Wednesday, March 13, 2013

Dropping the Ball......again

We live in a very small town.  Our previous town was about 12 times larger than where we live now.  When we lived in the larger town, our family had close relationships with many librarians.  The children joined book clubs, story time, took computer classes, etc.  All of their library activities were ran by library staff and I didn't attend with my child.

The programs were wonderful and obviously the staff had spent much thought and work preparing for each event.  After picking up the children, I would learn about what they were reading or what movie was watched or see the various crafts that the children had created. 

When we moved to our current village, we checked out the library.  It's small and the staff is adequate.  We have had a hard time getting used to the short check out period and the fact that every card at the same address is connected.  If my 8 year old owes 20 cents on her card, the 25 year old isn't allowed to check out materials until the fine is paid. 

I don't use the local library much because of those factors.  The adult section is very small and doesn't have much to offer me as a reader.  My school-aged children have participated in a couple of programs at the library and my 14 and 16 year old children joined the teen book club.  The club meets each week and discuss the chosen selection.  After completing the book, the group watches the movie based on the book. 

The first book that the club read was Hunger Games.  Now what I would consider great literature, but appropriate for the age group.  The next few books were similarly appropriate.  Life got busy and I stopped asking as many questions about the group.  The book that the group just finished was The Perks of Being A Wall Flower.  One day, a friend of my children's recommended that I watch the movie.  My older son (not part of the book club) stated that I wouldn't like the movie.  So I looked it up on the internet.  Not something that I would recommend for my 14 year old to read or watch with out some conversation.  Supposedly, the teen book club leader received a "nasty email" about the book selection from one of the homeschooled book club members.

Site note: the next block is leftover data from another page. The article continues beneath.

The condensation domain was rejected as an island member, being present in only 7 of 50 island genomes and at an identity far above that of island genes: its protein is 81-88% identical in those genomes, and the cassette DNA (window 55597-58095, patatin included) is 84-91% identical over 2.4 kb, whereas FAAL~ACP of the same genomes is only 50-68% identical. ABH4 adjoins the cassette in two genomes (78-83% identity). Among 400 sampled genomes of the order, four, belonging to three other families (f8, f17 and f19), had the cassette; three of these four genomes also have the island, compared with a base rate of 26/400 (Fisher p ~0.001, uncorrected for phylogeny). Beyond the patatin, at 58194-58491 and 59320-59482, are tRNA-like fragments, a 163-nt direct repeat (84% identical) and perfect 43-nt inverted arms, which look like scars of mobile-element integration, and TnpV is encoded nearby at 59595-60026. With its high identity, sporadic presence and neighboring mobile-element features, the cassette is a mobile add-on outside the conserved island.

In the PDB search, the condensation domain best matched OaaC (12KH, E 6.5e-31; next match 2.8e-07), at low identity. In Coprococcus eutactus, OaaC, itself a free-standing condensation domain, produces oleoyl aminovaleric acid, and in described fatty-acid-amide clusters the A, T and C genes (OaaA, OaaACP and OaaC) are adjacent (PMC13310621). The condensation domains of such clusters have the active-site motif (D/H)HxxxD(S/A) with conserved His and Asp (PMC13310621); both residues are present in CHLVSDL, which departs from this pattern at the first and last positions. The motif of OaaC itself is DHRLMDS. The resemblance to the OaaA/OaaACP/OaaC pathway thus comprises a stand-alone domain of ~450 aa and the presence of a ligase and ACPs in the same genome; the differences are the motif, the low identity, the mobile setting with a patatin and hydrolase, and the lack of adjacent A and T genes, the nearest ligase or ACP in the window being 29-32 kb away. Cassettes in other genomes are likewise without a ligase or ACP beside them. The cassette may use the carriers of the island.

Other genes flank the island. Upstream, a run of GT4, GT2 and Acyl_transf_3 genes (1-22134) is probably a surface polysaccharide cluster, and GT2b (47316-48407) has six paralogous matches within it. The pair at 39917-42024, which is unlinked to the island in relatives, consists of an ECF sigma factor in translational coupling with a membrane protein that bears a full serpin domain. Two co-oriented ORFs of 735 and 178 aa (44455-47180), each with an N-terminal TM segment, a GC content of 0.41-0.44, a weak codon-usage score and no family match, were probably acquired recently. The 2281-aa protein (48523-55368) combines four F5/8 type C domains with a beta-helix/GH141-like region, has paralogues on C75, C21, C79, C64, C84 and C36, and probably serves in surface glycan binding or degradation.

Last week at book club, my 14 year old came home with the new selection.  I looked up the book on Wikipedia for a synopsis.  It's a book that glamorizes a teen realizing he is gay and how wonderful it is that he had accepted this part of who he is as a person.  I asked who picks out the books and learned that the group makes suggestions, but the 20 year old library staff member has over-ridden their choice.  There are 5-7 teens in this group.

I don't have a problem with my children reading about tough subjects or about different perspectives.  It's important for children to ask questions and learn to think about issues for themselves.  My preference is for them to discern what is good and what is sinful.  Homosexuality is sinful.  So is premarital sex.  So is gossiping about my neighbor or stealing.  I'm tired of all the promotion for sinful life styles on television and in books.   As human beings, no one deserves to be bullied, physically hurt, or treated poorly.  I am a sinner and as guilty of sin as everyone else.  I don't have the right to tell someone else how to live in our society.  On the flip side, my children shouldn't have to be constantly told that a sinful lifestyle is appropriate.  That they should rejoice when someone makes the choice to live contrary to what God demands.  I don't want my children to rejoice about sin.  I want them to repent and receive forgiveness. 

My teens will be missing out on book club for this round.  And the next time a book is selected, I'll be checking to see what it is that the group is reading to determine if it is worthy of my children's time. 

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